there also seems to be a lot of debate over NVIDIA cards, and the relevancy of Adobe's tech specs. It's said that the GTX 285 isn't sold anymore, and is the GTX 460 a proper replacement? Even though Adobe's site doesn't list it?Or for the GTX 560 Ti which people seem to use with good results? Is adobe's site just not updated?
Are they all compatible with any desktops?
thank you, alright so that answers that question.
I've read a lot on here from people with the same questions about PC specs and its relation to PPCS5 and GPUs. I don't know anything about getting a cheaper GPU and hacking it, so I would just go with one that fits the requirements.
Is it that simple where I should just get a straight answer if those specs I mentioned for the HP with I5 processor and 8gb ram, and a then buying this GPU, would get me to a good level to edit? I want the simplest way possible on doing this since I'm not computer saavy in a technical way.
Questions about what computer to build or buy get asked here a lot. That's why there's an FAQ menu at the top of this forum that points to such articles as this one:
You'll find your answers there.
Typically the i7-2600(K) is highly recommended over any i5.
Also, save your money on the graphics card - the "hack" is adding your card's name to a text file and re-saving it. This can save you a decent amount of cash if you go for a card like the 550 Ti.
I didn't realize it was that easy, thank you, seems worth it given the price is cut in half.
This is a good tutorial with a good link to a site that goes through a lot of it:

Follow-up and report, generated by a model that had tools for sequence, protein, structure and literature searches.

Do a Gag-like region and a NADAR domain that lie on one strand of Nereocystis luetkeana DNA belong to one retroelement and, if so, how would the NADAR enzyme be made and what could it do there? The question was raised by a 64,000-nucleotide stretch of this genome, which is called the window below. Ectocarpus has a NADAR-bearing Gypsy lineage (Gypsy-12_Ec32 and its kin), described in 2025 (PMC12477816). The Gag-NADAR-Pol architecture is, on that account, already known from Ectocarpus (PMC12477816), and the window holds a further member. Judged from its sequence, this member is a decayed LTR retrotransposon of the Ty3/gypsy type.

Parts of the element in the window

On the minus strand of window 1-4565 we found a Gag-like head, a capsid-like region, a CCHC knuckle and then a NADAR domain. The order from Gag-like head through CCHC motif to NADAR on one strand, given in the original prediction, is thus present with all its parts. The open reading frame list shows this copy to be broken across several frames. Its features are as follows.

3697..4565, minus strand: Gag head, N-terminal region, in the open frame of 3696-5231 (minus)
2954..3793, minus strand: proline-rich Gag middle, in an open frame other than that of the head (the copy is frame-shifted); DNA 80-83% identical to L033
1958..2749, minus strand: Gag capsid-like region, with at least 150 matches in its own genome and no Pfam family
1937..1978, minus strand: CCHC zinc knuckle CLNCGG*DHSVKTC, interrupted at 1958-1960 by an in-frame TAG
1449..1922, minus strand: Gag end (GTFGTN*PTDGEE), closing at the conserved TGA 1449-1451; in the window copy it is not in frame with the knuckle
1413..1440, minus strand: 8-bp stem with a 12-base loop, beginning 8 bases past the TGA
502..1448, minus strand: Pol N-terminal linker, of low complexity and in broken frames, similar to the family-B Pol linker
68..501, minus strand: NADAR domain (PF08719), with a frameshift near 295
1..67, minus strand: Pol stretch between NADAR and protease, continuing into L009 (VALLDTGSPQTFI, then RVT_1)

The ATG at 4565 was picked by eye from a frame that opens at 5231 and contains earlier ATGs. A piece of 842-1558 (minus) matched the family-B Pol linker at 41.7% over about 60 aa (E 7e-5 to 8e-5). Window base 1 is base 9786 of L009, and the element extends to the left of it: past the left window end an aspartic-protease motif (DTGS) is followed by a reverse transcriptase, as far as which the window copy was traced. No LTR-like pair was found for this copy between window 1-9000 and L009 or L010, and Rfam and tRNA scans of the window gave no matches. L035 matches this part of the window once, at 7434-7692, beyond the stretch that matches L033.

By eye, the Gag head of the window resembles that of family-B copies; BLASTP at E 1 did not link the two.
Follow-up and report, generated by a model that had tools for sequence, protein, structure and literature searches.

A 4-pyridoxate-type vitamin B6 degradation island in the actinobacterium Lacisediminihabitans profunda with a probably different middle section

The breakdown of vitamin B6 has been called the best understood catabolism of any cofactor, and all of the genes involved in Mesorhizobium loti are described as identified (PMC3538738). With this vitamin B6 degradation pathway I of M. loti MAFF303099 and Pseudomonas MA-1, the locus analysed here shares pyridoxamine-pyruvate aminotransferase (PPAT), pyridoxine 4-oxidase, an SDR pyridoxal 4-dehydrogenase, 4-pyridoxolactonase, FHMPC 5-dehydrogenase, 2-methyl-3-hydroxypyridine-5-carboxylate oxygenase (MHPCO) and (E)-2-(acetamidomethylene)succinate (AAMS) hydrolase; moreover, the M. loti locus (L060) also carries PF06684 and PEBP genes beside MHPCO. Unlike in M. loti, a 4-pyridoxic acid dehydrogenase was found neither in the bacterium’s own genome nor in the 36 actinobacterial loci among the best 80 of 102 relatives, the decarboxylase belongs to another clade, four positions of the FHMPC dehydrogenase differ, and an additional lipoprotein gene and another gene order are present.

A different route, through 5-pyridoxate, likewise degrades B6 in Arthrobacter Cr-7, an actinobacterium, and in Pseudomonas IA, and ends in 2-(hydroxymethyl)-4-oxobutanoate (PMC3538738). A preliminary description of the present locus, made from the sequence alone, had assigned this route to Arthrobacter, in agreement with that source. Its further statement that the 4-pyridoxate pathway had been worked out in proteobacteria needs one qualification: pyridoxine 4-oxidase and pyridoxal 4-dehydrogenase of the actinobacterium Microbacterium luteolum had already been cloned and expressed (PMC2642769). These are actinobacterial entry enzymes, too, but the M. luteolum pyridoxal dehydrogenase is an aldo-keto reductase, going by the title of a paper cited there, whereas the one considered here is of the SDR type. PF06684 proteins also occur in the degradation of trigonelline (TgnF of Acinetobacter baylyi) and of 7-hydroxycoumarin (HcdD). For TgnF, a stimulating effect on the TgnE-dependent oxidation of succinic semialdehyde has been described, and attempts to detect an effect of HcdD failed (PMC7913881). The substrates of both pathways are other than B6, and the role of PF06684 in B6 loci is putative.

Are there ever issues with graphic cards not working with certain PC set ups, or is it pretty standard for them to run fine if you have at least 8gb of ram and an I7?
As long as the computer (motherboard) has a PCI-X16 slot available (where the graphics card fits in - I think all i7-2600 compatible motherboards do, but I could be wrong) you're fine. It should be plug and play, then downloading and installing the latest drivers from Nvidia on the web.
Typically the i7-2600(K) is highly recommended over any i5.
I agree there. As I discovered on Harm's and Bill's PPBM5 site, the fastest overclocked i5-2500K is barely faster than a stock-speed i7-2600K. However, there are currently only three Sandy Bridge i5 systems on the list compared to the dozens of i7-2600(K) systems on the same list.
In addition, the i5-2400S is not recommended for video editing because it is a gimped CPU to begin with: The regular i5-2400 runs at 3.1GHz stock while the i5-2400S runs at only 2.5GHz stock. And since all of HP's Sandy Bridge desktop systems use the same Pegatron H67 motherboard, expect neither overclocking capability at all whatsoever nor good performance even with an Nvidia CUDA graphics card in GPU-accelerated mode (for example, the two results from H67 motherboard-equipped systems equipped with Nvidia cards showed an abnormally slow timeline rendering performance even in GPU-accelerated mode, with those times exceeding 100 seconds compared to the 10 seconds or less those same GPUs achieved with a P67 motherboard-based system).